Last week I got to travel to Sony Santa Monica’s studio, and play the opening hours of God of War. I wasn’t sure what to expect other than something decidedly different than past games, but I wound up walking away quite impressed. In fact, I’d go as far to say that this is by far the most interesting and most satisfying the series has ever felt.
The biggest change, and the clear elephant in the room for those worried about the upcoming sequel, is the change of perspective. The camera is now close to Kratos, and the combat has a much different feel because of it. Kratos’ signature blades are also gone (at least in the beginning), as players are armed with a Leviathan Axe instead. This new weapon winds up being far more versatile than previous games due to the ability to either use it up-close or throw it from a distance.
It takes a few combat encounters for players to really grasp the nuance of God of War‘s combat. It’s much more than simply mashing R1 and R2 to unleash weak and strong attacks, respectively. Once I started taking advantage of the Leviathan Ax’s versatility, I started having a lot of fun. The ax stays where the player throws it, and can be recalled at any point. That meant that I could purposefully miss an enemy, let a few seemingly make a line between myself and the ax, and then recall it to cause massive damage. There’s a flexibility to the combat that allows players to turn mistakes into an advantage, and it made every single combat encounter seem interesting rather than mindless.
Father Touch My Hands
The other big change is that Kratos has a son named Atreus who is central to both gameplay and the story. I didn’t realize it early on, but Atreus is actually the most interesting part of combat encounters. Not only could I command him to shoot arrows at enemies (causing a stun) by pressing the square button, but with careful positioning he could be used to draw the attention of dangerous foes. Since he doesn’t have a life bar to worry about, using your son as a diversion is a hugely beneficial tactic (especially in boss fights).
However, it’d be a disservice to just talk about Atreus as a gameplay function. He’s largely the reason why I’m interested in God of War‘s story, as the relationship between Kratos and Atreus is incredibly interesting. While Kratos doesn’t appear to be winning any father of the year awards, having a son has seemingly changed the Spartan warrior. Rather than pushing everyone away, he’s trying to open up his heart in certain ways. There are several impactful scenes early on where Kratos can be seen trying to comfort his son, but being unable to truly find the words or feelings to relate accordingly. It’s a struggle, and fatherhood might be the most difficult obstacle that Kratos has seen in the past decade.
While the personal relationship that’s being explored may be most intriguing, the story in general is quite interesting as well. This is largely due to how many questions that are raised early on. How the heck did Kratos find himself in the gorgeous Scandinavian world? Why did the mother of Atreus want her ashes spread on top of a mountain? These are just a few of the intriguing plot lines that are started early on, and I can’t wait to learn more about it. For the first time ever, I find myself caring about these characters rather than just being along for the ultra-violent ride.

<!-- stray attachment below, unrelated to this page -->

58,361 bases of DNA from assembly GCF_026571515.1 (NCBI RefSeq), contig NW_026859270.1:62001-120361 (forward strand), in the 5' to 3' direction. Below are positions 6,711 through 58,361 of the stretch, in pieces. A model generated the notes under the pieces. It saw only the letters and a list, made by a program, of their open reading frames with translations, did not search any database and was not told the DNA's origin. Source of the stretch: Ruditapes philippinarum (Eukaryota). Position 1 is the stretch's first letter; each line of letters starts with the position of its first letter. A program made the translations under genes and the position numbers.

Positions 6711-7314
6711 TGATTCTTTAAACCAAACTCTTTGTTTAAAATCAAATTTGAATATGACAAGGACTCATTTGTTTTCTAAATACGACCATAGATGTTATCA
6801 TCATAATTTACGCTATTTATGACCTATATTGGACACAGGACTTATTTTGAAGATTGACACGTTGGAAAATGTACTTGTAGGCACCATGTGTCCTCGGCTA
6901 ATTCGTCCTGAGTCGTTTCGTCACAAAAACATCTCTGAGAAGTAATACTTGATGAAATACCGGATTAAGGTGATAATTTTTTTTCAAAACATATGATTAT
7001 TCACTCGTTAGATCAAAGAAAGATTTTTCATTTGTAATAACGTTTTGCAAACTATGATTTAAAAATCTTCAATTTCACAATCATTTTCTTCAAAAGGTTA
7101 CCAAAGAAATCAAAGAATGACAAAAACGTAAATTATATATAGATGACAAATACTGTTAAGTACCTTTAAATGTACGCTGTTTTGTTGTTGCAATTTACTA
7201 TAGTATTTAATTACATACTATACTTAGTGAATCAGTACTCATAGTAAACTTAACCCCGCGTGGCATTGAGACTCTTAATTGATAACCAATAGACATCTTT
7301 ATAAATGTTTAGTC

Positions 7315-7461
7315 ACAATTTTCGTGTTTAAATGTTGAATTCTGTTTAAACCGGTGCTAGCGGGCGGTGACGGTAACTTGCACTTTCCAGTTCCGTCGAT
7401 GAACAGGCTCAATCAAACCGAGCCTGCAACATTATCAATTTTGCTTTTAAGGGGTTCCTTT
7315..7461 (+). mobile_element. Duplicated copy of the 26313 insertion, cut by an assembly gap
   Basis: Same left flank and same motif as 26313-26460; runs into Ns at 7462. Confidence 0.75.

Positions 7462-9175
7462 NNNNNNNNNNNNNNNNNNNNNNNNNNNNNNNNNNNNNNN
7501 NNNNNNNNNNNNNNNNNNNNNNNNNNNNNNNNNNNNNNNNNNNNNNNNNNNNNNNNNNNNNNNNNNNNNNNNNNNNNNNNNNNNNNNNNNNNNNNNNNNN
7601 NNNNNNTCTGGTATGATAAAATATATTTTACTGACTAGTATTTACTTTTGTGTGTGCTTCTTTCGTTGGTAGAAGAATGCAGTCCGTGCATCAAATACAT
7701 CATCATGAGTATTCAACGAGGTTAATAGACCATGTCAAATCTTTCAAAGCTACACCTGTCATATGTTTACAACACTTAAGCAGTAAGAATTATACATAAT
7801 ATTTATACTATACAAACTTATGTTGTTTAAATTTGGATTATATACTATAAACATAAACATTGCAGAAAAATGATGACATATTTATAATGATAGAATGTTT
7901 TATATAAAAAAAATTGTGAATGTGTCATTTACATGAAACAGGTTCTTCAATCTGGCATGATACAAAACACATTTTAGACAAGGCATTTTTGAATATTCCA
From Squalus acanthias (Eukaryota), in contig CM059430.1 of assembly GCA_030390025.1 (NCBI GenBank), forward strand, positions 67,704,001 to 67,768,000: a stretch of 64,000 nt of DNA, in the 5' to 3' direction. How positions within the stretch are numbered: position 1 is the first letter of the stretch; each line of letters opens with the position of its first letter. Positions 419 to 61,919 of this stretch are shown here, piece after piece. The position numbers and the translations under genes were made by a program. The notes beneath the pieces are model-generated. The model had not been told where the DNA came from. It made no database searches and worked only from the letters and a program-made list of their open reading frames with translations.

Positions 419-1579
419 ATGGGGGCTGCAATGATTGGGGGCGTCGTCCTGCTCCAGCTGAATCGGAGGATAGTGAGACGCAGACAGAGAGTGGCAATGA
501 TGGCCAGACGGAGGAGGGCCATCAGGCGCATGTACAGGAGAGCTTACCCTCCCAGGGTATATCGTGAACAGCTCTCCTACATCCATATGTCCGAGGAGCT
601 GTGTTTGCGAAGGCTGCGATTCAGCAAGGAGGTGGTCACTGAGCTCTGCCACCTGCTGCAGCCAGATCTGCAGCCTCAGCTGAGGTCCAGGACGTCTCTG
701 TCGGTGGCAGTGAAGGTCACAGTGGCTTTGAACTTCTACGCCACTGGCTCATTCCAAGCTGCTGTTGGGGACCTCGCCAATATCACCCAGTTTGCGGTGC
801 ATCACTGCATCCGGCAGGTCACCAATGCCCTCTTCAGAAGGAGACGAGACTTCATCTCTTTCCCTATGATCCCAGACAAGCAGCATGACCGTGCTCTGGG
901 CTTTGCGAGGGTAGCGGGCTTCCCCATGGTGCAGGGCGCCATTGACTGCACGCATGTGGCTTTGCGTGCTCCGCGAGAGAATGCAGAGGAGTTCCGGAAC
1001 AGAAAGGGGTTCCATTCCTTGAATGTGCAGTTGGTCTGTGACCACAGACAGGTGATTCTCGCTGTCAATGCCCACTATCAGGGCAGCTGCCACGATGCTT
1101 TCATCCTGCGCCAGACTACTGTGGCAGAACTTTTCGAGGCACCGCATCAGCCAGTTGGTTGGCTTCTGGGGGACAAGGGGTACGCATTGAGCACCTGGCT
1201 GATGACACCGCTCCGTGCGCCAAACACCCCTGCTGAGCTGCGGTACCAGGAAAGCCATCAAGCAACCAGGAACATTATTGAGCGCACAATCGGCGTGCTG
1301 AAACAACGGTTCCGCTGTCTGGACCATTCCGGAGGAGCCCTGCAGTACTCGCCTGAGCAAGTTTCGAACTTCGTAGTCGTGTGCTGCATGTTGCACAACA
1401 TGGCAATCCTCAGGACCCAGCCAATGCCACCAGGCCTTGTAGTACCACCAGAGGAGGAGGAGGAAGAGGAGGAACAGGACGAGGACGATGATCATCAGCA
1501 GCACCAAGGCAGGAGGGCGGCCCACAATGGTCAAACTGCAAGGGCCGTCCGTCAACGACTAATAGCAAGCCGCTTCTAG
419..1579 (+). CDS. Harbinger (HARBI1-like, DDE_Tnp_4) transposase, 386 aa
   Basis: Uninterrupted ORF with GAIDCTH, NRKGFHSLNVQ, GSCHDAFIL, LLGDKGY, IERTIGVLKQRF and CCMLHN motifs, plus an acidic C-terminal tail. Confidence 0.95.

Of course, there are plenty of series staples that reappear in the new God of War. There are still hidden chests to loot, graphic kills to unleash, and gigantic boss battles to take on. A lot has changed, but Santa Monica Studio has done a great job in staying true to how the series has always felt. Even in the heat of combat, there’s a sense of controlled chaos that harkens back to Kratos’ PS2 origins. It’s certainly different, but it still feels like God of War on a base level.
Perhaps my favorite moment of the opening hours I got to see was the first major boss encounter. I found myself battling a mysterious Norse God that somehow knew my concealed past, and the nearly 20-minute fight saw the surrounding environment get utterly trashed. It also served to point out that Kratos has gotten slightly weaker (or at least a bit rusty) in his age, even if he’s still largely a one man killing machine. The battle served to highlight a lot of what was great about this new iteration: the gameplay and storytelling all goes hand-in-hand.
God of War isn’t just Santa Monica Studio doing something different for the sake of variety (although the series did clearly need a shake up after how dull Ascension seemed). Everything from its gameplay to storytelling has been changed for the better. By doing so, Sony has given one of its biggest franchises new life.
Disclosure: Travel and accommodation was provided by Sony for the trip.